This CD is reissued by ArkivMusic.
Notes and Editorial Reviews
VAN DE VATE Chernobyl.1 Harp Concerto.2 Nemo: Concert Suite3 • Toshiyuki Shimada, cond; Adriana Antalova (hp);2 Janá?ek Op Soloists;3 Yale SO;1 Moravian P2, 3 • VIENNA MODERN MASTERS 3059 (71:28 Text and Translation)
This excellent new compendium of three of Nancy Van de Vate’s most musically interesting works is bound by the fine conducting of Toshiyuki Shimada, music director of the Yale Symphony and music director laureate of the Portland (Maine) Symphony. Shimada has a fine pedigree, having studied with Leonard Bernstein, Herbert von Karajan, Herbert Blomstedt, Hans Swarovsky, and Michael Tilson Thomas, and his work here is musical and committed, building fine tension and giving a forward momentum to even the most
Those familiar with Van de Vate’s music need not be told that Chernobyl (1986), though tied to a now-dated historical event, is one of her finest works. Somehow, she seems to have said so very much in a mere 12 minutes. She not only captures the slow yet ominous buildup towards disaster, starting with a pedal point in G?, but also manages to take the listener through the black energy of the event itself to moments of calm and resolution. Her harmonic language, built as it is upon close seconds and uneasy fourths, is varied by her incredible command of orchestral color, of her lifelong love and understanding of both percussion and strings, and her even greater commitment to music that is expressive and not merely functional. One can listen to a work like the Penderecki Dies irae, for instance, and feel nothing, but it is impossible to listen to a Van de Vate work in which she has so obviously poured so much of herself and not come away emotionally changed (and charged).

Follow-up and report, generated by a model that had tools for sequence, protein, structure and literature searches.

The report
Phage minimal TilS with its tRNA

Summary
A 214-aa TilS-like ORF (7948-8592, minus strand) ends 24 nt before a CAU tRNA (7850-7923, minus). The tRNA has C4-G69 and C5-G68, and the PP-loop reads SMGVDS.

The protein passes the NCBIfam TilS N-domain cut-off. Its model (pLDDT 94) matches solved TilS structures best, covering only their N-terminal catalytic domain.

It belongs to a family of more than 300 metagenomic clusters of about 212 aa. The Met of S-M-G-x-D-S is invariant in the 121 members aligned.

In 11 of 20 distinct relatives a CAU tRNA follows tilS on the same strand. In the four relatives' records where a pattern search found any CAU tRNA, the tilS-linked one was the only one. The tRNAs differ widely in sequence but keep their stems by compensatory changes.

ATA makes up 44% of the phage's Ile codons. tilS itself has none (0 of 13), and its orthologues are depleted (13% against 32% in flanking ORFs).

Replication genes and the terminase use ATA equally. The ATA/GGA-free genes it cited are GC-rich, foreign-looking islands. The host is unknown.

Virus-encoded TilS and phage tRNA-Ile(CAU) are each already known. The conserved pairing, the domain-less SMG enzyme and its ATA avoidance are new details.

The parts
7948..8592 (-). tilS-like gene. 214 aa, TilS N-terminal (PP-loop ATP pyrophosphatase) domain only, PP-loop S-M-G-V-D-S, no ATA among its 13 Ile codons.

By contrast, the Harp Concerto is a buoyant, happy work, based on bitonal harmonies, yet never far removed from a lovely, singing line. Here the orchestra is reduced to strings so as not to interfere sonically with the light qualities of the harp, and interest is built as much through contrasting tempos within the movements as it is by thematic development. Van de Vate later rescored this work as a Divertimento for Harp and String Quintet that, in my humble opinion, works even more magically, but the music is of such a high quality—not to mention charming without being sentimental—that interest is sustained throughout. Harpist Antalova gives an excellent performance here, though I feel that in this orchestral version her rhythmic downward scale passages are not quite as telling as they are in the chamber version.
For those unfamiliar with Van de Vate’s opera Nemo, this music will come as a surprise. It is seldom consciously powerful or aggressive, yet the pungent harmonic texture and superb sense of rhythm that ties it to the lyrics create an underlying tension even in the most pastoral sections. This particular suite, running 45:46, is actually culled from the tapes of the complete opera as issued on VMM 4002 and is a little less than half the opera’s length. Its neo-Classic style suits the general plot line well, and the remainder of the opera’s music is equally impressive, but if your reaction to the libretto was like mine—that it is somewhat immature in expression—I’m sure you will be quite happy to remain with this concert suite. Van de Vate has also reworked some of Nemo’s music into a mini-opera scene for children, who respond to the libretto more easily.
Recommended, particularly for those unfamiliar with Van de Vate’s mastery over a variety of forms and styles, as well as for Mr. Shimada’s conducting. Both composer and conductor are very lucky to have each other in artistic collaboration.
-- Lynn René Bayley, Fanfare [3/2008]
Works on This Recording
Chernobyl by Nancy Van De Vate
Yale Symphony Orchestra
Period: 20th Century
Written: 1987; USA
Concerto for Harp by Nancy Van De Vate
Adriana Antalova (Harp)
Moravian Philharmonic Orchestra
Period: 20th Century
Nemo: Suite by Nancy Van De Vate
Moravian Philharmonic Orchestra,
Janacek Opera Soloists
Period: 20th Century
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